What Makes Tita Worry? Everything

Bob Hogue
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Wednesday - November 09, 2005
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Coach Tita Ahuna
Coach Tita Ahuna

I heard Tita Ahuna on the radio the other morning. The veteran Hawaii Pacific University women’s volleyball coach was telling her interviewer that she doesn’t get much sleep these days.

“I have no life during the volleyball season,” she says, laughing.

Yes, SeaWarrior volleyball is her life. From the crack of dawn until her head hits the pillow at her Papakolea home well after midnight, her thoughts are filled with the details of this 2005 season.

And what a season it has been.

Through last week’s play, the SeaWarriors were undefeated in conference and ranked second in the nation. Only a five-set loss in an early season tournament in California has blemished their otherwise spotless record.

And yet Tita lays awake at night, worrying about her team.


“So many things go through my mind,” she tells me. “I’m the first one there, the last one to leave. I’m up until almost 1:30 every night. I run on adrenaline and pray I don’t get sick.”

No, there’s no time for that. This week (Nov. 8 and Nov. 12), she has to prepare for arch-rival BYU-Hawaii. So there are game plans to make and practice schedules to keep. But Tita has to play so many other roles, besides that of head coach. Injuries, grade checks, administrative issues - there’s so much that the fans don’t see.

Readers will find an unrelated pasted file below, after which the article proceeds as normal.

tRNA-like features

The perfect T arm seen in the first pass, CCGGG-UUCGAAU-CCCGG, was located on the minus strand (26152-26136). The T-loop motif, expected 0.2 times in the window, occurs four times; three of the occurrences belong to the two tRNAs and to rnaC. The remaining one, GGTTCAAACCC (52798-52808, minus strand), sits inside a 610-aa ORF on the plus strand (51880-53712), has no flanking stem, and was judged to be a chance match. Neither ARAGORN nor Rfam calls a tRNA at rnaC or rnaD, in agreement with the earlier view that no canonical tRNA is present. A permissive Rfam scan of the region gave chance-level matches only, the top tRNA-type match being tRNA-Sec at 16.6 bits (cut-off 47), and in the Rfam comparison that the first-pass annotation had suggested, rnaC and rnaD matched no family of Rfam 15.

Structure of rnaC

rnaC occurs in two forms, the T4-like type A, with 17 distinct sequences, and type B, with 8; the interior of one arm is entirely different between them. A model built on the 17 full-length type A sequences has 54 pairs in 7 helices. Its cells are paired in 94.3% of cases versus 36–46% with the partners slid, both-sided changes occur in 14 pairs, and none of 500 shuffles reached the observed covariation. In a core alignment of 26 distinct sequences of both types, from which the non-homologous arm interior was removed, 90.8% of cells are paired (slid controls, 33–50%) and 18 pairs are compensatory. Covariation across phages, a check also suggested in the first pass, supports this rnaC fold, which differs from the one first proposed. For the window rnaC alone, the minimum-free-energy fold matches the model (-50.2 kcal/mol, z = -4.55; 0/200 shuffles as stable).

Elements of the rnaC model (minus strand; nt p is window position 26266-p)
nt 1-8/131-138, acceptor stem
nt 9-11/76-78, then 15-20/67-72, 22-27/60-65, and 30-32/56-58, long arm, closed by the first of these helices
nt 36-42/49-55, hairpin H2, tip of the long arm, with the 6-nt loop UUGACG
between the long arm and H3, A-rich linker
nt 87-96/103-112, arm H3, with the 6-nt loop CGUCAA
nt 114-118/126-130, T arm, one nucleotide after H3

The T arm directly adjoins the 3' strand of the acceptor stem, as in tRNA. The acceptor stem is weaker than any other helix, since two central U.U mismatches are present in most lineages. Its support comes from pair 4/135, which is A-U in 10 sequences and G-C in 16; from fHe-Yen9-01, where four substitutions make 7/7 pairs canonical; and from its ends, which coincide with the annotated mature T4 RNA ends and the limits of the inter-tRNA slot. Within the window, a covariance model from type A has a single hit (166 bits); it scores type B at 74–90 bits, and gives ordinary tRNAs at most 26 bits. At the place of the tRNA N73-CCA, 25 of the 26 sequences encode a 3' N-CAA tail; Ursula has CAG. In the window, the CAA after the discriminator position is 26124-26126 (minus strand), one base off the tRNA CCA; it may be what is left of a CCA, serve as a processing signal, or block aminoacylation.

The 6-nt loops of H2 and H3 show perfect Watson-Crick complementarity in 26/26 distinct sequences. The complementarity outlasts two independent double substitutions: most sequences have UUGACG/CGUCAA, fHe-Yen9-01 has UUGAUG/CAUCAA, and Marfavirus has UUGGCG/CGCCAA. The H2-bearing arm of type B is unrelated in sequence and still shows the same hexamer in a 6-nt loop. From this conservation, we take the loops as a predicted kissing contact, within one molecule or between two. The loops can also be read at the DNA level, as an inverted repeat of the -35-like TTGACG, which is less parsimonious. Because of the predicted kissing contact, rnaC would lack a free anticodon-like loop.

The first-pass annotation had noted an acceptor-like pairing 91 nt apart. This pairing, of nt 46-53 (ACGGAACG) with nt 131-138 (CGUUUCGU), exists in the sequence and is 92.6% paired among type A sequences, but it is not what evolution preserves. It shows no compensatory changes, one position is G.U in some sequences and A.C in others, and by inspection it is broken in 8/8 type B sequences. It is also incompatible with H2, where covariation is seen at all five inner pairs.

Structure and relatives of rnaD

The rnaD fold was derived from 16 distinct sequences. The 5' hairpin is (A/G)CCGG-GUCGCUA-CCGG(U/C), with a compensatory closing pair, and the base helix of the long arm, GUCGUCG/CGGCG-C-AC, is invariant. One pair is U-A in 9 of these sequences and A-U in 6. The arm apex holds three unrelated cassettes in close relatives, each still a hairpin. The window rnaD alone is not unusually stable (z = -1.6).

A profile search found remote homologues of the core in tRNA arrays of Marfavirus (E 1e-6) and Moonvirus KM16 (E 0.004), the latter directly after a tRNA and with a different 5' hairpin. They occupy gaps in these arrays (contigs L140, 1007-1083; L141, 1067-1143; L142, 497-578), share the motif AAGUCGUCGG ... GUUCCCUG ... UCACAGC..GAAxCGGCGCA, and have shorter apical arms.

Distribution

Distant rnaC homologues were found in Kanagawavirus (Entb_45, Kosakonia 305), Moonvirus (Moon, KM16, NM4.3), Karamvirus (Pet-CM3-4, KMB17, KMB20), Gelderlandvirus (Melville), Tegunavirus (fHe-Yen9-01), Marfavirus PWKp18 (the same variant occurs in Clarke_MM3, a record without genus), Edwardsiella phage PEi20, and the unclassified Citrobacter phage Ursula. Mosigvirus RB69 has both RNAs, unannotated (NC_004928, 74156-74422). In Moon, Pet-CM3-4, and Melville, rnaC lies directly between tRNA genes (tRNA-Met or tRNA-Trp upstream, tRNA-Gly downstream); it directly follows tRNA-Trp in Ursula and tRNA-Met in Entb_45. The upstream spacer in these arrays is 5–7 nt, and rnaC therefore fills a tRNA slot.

“When you’re a player, the only pressure is worrying about your opponent,” she says. “When you’re a coach, there’s so much more going on.”

At times, that means playing amateur psychologist or counselor.

“A lot of counseling,” she says. “Recently, one of the girls’ grandmother died. And then another girl’s brother-inlaw passed away. It helps a lot that (the team) is like a big ohana, an extended family. When times get tough, these girls know who their friends are. And they know their team-mates are there for them.”

They also know that Tita is always there for them. Always. The counseling, the worrying - it all pays off.

“You can see how it all transcends onto the court,” she says.

On the court is where everything comes together. It’s where the SeaWarriors have excelled and where there are high expectations. The words “another national championship” follow Tita wherever she goes.

“I try to downplay that,” she says.

But Tita knows what it takes to be a champion. She’s probably one of the few coaches in the country who can say that they’ve won at every level - as a state championship AllState player at Kamehameha, as a national championship All-American player for the University of Hawaii, as a boys varsity state championship high school coach back at Kamehameha, and then as a coach at HPU. Twice, she has guided her beloved SeaWarriors to national titles.


But she also knows that championships are not just given away; they are earned. And with all the talent and all the expectations, she knows that this year’s team has to earn it.

“The teams in 1998 and 2000 (when HPU won its previous national titles), they had that one person who stepped it up,” she says. “This year’s team has 15 leaders. Sometimes it’s Vera (Oliveira, the team’s All-conference setter). Sometimes it’s Barbara (Martin, the team’s kill leader). Sometimes its Flavia (Brakling, the hard-hitting outside hitter). And sometimes it’s Koko (middle blocker Paula Koikopoulos). To win a national championship, you need to have that someone stepping up consistently every night.”

That consistency appears to be the only thing missing from Tita’s incredible team this year.

And that’s what has her up late at night.

“How can you improve?” she asks herself again and again.

The coach is always searching for the answers. And she won’t sleep until she finds them.

That’s life during the college volleyball season.

That’s the life of Tita Ahuna.

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